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Women who work for a salary see slower memory decline in old age, reducing their risk of dementia, a new study suggests

The Washington Post covered a study led by Elizabeth Rose Mayeda, assistant professor of epidemiology at the UCLA Fielding School of Public Health, reporting that participation in the paid labor force may help prevent late-life memory decline among women in the United States.

Tuesday, July 16, 2019

Women who work for a salary between early adulthood and middle age experience slower memory decline, meaning they probably are at lower risk of dementia, a new study presented Tuesday at the Alzheimer’s Association International Conference in Los Angeles suggests.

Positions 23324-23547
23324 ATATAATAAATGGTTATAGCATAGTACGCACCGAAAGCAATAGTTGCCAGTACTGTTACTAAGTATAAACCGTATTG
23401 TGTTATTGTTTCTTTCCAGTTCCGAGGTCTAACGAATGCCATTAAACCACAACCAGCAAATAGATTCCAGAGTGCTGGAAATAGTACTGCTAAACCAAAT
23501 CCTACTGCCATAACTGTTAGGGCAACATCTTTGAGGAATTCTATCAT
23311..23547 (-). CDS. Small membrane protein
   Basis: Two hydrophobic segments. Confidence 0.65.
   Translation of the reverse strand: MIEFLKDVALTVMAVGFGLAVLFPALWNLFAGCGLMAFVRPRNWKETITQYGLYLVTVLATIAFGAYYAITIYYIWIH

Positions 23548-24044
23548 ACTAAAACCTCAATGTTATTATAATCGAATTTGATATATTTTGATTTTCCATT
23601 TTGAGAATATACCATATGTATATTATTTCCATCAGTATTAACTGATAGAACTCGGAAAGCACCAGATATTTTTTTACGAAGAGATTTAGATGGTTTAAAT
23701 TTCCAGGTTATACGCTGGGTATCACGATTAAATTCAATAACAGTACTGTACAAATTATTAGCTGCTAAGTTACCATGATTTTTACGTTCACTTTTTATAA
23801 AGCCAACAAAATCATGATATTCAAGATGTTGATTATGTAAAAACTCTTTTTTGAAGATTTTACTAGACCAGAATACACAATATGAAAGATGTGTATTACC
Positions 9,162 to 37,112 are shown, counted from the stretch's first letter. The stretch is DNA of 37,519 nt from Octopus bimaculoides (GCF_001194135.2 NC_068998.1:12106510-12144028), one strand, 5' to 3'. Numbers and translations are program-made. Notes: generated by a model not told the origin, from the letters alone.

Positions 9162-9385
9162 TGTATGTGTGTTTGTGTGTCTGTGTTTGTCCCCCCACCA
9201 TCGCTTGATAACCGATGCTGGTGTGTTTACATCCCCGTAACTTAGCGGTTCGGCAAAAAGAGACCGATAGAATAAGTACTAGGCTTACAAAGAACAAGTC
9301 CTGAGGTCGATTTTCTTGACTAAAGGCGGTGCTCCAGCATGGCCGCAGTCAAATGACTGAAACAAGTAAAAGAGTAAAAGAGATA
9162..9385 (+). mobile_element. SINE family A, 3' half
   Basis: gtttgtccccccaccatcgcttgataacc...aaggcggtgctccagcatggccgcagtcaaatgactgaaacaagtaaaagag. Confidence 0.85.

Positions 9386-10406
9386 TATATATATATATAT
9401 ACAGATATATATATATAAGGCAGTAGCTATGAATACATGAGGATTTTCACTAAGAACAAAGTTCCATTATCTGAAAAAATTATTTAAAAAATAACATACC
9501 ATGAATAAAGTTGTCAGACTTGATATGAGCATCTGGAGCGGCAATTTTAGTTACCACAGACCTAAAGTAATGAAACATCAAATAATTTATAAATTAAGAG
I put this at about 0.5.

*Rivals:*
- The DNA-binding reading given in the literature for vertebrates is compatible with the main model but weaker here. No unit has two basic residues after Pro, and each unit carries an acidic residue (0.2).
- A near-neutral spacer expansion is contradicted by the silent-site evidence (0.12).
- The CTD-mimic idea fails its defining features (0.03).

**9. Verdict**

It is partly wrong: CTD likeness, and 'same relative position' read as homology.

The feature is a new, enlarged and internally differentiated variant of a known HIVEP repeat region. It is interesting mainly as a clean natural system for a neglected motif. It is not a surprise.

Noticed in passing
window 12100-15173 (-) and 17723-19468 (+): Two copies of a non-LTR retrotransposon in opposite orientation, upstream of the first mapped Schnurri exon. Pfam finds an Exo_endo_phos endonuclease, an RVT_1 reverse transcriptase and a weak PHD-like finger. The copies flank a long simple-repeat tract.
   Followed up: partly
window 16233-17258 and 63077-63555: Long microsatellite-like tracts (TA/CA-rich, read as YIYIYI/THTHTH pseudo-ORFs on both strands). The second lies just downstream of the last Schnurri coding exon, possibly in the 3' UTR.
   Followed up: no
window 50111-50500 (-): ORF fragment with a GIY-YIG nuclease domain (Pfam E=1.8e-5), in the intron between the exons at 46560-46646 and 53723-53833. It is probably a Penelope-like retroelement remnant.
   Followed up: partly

Women who engaged in paid employment between ages 16 and 50, whether mothers or non-mothers, had better memories in late life than women who did not work, the study found. The rate of memory deterioration was fastest among women who never earned a wage. Memory loss is one of the first signs of Alzheimer’s disease.

Researchers at the University of California at Los Angeles, the University of California at San Francisco and Boston College tracked 6,836 American women born between 1935 and 1956 across about 20 years. Participants were enrollees in the Health and Retirement Study, a federally funded long-term observational study of aging people across the United States.

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